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Abstract

Over twenty years ago, the United States Supreme Court held that both mandatory capital sentencing schemes and total discretionary capital sentencing schemes violate the Eighth Amendment. According to Jeffrey Kirchmeier, the "guided discretion" capital sentencing scheme of sentencing factors that has developed, however, has the constitutional problems of both mandatory death penalties and unlimited discretion death penalties.

Justices Scalia, Blackmun, and Thomas have noted that the mandate of unlimited mitigating circumstances has resulted in an arbitrary system. Kirchmeier argues that today's sentencing scheme is arbitrary also because of undefined aggravating factors, unlimited nonstatutory aggravating factors, and victim impact evidence. According to Kirchmeier, the death penalty scheme also has moved toward a mandatory scheme as legislatures expand death penalty statutes and the Court sanctions other expansions of the application of the penalty. Thus, argues Kirchmeier, the paradox of the present system is that it is both arbitrary and mandatory.

Focusing on the Court's decisions regarding aggravating and mitigating factors, this Article discusses the arbitrary and mandatory aspects of the current system and then examines five options for addressing those constitutional problems: keeping the present system, narrowing the application of the death penalty, returning to unguided discretion statutes, returning to mandatory death penalty schemes, or, as Justices Blackmun and Powell have suggested, abandoning the death penalty.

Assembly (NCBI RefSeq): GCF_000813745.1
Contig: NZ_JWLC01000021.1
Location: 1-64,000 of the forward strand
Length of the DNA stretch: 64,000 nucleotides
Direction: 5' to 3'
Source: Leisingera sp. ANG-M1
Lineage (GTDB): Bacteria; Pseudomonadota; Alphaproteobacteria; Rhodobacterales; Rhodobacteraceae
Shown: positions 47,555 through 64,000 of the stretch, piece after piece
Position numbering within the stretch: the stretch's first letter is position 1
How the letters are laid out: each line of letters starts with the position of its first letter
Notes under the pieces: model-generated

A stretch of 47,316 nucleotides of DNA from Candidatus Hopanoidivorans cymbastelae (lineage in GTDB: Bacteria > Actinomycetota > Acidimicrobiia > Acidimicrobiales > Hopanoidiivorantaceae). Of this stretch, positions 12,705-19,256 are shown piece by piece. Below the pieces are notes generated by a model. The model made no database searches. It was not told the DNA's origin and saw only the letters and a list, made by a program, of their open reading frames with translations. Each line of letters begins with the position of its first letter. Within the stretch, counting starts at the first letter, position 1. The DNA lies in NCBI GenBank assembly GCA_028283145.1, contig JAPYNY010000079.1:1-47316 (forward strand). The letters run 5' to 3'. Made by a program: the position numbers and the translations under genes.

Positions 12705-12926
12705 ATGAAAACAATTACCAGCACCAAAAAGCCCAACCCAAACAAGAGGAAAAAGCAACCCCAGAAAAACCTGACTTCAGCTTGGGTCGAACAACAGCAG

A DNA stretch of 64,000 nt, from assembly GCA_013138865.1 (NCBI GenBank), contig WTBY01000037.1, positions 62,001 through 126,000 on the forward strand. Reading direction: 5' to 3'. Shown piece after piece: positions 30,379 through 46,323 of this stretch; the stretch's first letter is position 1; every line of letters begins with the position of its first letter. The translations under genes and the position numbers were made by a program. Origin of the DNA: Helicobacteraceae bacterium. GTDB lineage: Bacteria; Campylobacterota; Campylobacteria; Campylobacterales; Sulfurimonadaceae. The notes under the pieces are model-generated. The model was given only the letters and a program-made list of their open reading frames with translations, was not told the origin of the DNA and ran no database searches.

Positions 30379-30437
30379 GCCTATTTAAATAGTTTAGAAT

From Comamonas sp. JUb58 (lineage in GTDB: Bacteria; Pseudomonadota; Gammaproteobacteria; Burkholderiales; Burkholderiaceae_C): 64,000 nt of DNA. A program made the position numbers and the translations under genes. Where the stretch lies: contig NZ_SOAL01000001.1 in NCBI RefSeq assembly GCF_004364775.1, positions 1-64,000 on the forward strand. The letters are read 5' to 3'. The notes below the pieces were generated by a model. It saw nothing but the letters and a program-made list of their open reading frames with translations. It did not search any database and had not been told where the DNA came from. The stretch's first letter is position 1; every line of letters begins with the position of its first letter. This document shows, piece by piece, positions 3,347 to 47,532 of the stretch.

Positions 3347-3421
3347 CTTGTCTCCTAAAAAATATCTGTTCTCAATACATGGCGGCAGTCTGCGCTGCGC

This Article concludes that a mandatory death penalty scheme is the only way to potentially apply the death penalty in an evenhanded manner. The mandatory aspects of the current scheme and the historical experience with mandatory death penalty schemes, however, illustrate that no human system for selecting defendants for the ultimate punishment can be both fair and nonarbitrary.

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